Housing Prices in U.S. Cities Rise by Most Since 2006
Home prices in 20 U.S. cities rose in August from a year ago by the most since February 2006 as stronger demand boosted values.
The S&P/Case-Shiller index of property prices in 20 cities increased 12.8 percent from August 2012, more than forecast, after a 12.3 percent gain in the year ended in July, a report from the group showed today in New York. The median projection of 28 economists surveyed by Bloomberg called for a 12.5 percent advance.
Tight inventories have boosted prices as buyers compete for a limited number of properties for sale. While housing continues to be a source of strength for the economy, higher mortgage rates and limited improvement in the labor market and wages risk slowing the pace of progress.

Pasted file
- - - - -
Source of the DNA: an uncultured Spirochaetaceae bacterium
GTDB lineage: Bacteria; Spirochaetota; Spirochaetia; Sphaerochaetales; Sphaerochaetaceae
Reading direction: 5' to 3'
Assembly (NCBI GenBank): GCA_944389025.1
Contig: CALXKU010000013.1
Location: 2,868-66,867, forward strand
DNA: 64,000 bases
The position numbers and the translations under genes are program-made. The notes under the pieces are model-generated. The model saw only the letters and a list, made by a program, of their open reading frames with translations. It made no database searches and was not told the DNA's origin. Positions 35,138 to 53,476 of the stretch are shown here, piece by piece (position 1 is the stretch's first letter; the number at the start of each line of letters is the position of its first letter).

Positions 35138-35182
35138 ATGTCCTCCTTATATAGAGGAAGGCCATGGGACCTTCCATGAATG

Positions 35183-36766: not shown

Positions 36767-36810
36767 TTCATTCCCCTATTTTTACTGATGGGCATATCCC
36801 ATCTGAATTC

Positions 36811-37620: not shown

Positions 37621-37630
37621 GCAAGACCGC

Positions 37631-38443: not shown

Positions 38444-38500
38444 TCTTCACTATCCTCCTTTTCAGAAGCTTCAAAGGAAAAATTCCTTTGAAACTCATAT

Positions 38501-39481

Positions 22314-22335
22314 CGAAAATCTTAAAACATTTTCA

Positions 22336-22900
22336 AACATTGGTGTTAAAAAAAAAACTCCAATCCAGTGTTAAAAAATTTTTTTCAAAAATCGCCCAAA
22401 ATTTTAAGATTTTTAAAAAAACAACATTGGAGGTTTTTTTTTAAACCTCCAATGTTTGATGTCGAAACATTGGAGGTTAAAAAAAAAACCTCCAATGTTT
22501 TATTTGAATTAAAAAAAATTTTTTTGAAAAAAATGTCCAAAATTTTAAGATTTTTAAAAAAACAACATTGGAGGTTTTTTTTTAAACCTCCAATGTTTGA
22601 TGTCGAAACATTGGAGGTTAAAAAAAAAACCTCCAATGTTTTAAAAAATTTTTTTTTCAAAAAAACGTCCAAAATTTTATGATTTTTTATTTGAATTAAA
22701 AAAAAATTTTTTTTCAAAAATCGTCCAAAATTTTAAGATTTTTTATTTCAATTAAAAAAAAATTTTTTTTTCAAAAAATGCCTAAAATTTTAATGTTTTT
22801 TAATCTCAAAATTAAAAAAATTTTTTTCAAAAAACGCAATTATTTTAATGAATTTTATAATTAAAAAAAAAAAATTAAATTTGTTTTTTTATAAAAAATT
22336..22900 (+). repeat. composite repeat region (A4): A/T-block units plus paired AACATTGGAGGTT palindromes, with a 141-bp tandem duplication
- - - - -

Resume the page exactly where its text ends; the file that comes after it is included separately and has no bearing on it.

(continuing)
“There’s still decent enough demand with little supply so home prices continue to perform,” Kevin Cummins, an economist at UBS Securities LLC in Stamford, Connecticut, said before the report. “It’s unclear how much rising mortgage rates in the last few months slow housing sales in the near future.”
As of August, average home prices in the U.S. were back to their mid-2004 levels, and the 20-city index was up 22.7 percent from its March 2012 low